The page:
Fort McMurray [November 16], 2018 – A group of 12 Alberta post-secondary institutions have signed a memorandum of understanding supporting Canadian Armed Forces (CAF) Reservists who are college employees or students.
The services of Canadian Reservists may be required by the Department of National Defence while having work or study commitments at Keyano or partnered colleges. Leave may be granted under this memorandum, securing their employment and accommodating their studies until they return.
“It is really important if Reservists get called to duty, or have opportunities to train, our institutions support them,” says Joel Ward, RDC President & CEO, on behalf of Colleges Alberta. “There were some formal policies in place but we decided as a group of Alberta colleges to make a strong statement through a MOU, supporting Reservists in our institutions, whether they are students or employees.”
Of the approximately 90,000 dedicated men and women serving in the Canadian Armed Forces, 26,000 are Reservists. About 30 per cent of those Reservists are students. As needed, several accommodations will be available for these learners. Tests and assignments can be rescheduled, and a program may be deferred during a lengthy deployment.
As Commander of 41 Canadian Brigade Group (41 CBG), Colonel Eppo van Weelderen, recognizes the importance and value of this formal agreement. “This collaboration among the Alberta colleges is paramount to continue the development of educated, hard-working and strong leaders for Canada,” he says. “This will help provide the necessary supports to our soldiers as they fulfill their duties serving our nation, in our communities and abroad.”
Forty-one CBG is one of three Army Reserve formations within 3rd Canadian Division. Made up of nine units and a brigade headquarters in Calgary, 41 CBG has seen the number of reserve soldiers increase by nearly 10 per cent the past two years, to approximately 1,600 reserve soldiers garrisoned in Calgary, Edmonton, Lethbridge, Medicine Hat, Red Deer and Yellowknife. Ninety per cent of the soldiers serve part-time.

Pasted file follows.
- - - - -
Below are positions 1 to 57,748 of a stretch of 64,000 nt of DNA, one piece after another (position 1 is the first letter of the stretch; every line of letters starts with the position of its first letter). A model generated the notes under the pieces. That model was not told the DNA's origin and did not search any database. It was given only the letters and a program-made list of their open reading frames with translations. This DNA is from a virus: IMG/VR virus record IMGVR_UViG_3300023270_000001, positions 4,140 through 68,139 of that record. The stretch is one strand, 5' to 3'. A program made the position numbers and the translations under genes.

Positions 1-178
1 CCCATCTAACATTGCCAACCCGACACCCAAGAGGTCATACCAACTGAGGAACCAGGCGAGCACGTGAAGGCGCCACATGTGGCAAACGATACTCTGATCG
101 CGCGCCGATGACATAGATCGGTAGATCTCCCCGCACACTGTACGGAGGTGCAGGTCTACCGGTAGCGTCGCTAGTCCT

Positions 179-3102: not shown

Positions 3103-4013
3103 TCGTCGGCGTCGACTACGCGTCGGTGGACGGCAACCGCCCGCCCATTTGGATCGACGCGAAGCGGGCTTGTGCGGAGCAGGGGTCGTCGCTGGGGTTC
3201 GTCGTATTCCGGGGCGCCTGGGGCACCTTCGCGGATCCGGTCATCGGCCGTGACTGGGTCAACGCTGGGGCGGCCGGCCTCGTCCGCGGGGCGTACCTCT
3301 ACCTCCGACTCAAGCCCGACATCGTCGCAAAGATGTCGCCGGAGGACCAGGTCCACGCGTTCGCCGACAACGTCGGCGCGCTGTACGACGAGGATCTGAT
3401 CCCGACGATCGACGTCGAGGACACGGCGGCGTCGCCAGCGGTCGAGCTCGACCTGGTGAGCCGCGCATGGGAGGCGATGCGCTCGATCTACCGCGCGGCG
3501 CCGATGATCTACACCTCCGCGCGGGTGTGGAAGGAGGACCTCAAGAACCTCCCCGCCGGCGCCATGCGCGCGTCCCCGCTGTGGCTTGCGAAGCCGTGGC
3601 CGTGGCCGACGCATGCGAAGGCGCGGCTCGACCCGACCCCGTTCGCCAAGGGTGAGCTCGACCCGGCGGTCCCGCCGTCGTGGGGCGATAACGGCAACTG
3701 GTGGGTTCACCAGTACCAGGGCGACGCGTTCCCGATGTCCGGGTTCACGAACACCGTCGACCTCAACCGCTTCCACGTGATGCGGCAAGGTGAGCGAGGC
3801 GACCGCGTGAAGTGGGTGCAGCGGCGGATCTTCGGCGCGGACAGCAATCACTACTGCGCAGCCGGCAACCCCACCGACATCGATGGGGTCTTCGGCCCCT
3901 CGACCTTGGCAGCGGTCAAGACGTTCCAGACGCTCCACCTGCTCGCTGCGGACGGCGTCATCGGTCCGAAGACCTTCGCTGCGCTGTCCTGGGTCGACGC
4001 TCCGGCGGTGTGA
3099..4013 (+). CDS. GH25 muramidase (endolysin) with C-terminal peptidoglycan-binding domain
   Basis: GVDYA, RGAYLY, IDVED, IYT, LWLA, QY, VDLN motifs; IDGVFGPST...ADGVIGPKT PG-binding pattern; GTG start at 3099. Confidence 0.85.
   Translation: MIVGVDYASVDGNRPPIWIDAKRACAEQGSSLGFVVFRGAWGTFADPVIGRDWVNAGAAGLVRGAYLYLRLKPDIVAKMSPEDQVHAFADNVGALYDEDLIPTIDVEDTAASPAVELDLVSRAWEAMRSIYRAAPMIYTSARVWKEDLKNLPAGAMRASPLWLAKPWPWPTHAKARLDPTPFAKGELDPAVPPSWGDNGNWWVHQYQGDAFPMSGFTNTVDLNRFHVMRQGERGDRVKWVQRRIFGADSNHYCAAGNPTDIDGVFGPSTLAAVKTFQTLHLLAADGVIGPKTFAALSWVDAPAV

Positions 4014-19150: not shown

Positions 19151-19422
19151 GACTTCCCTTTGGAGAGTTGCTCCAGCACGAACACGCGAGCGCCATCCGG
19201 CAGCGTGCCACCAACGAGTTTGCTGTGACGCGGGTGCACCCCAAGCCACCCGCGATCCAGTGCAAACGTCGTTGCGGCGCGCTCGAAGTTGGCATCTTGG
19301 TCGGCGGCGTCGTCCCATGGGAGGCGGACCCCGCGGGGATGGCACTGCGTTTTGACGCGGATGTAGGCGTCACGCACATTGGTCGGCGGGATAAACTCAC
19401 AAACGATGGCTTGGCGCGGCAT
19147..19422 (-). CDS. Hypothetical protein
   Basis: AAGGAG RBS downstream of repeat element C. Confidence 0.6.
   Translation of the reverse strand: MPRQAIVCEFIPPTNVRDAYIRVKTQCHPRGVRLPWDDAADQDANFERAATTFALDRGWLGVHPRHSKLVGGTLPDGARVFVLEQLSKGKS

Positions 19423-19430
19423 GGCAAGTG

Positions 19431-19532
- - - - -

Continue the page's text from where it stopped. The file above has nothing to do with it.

Carolyn Patton, Alberta Chair of Canadian Forces Liaison Council, views the agreement as mutually advantageous. “This memorandum strengthens the relationship and provides benefits to both parties,” she says. “While serving our country, the Reservists will be able to focus on their duties, and share their skills, knowledge and experiences when they return to their college settings, and communities.”
To join the Canadian Reserve, contact the nearest armoury in your community. For more information and a list of units in your region, visit the Canadian Army Reserve online.
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About Canadian Forces Liaison Council: Canadian Forces Liaison Council is a group of more than two hundred Canada-wide senior business executives and educational leaders, a full-time Secretariat and a national network of Reserve officers. The civilians volunteer their time and efforts to promote the primary Reserve Force by highlighting the benefits of Reserve Force training and experience to the civilian workplace. They also support individual Reservists as well as Reserve units in matters related to employer support. The Council’s mandate is to enhance the availability of Reservists for their military duties by obtaining the support and co-operation of organization leaders in Canada. The Council encourages civilian employers and educational institutions to grant Reservists time off on a voluntary basis, without penalty, to allow them to participate in their military activities, duties and training.
For more information contact:
Canadian Forces Liaison Council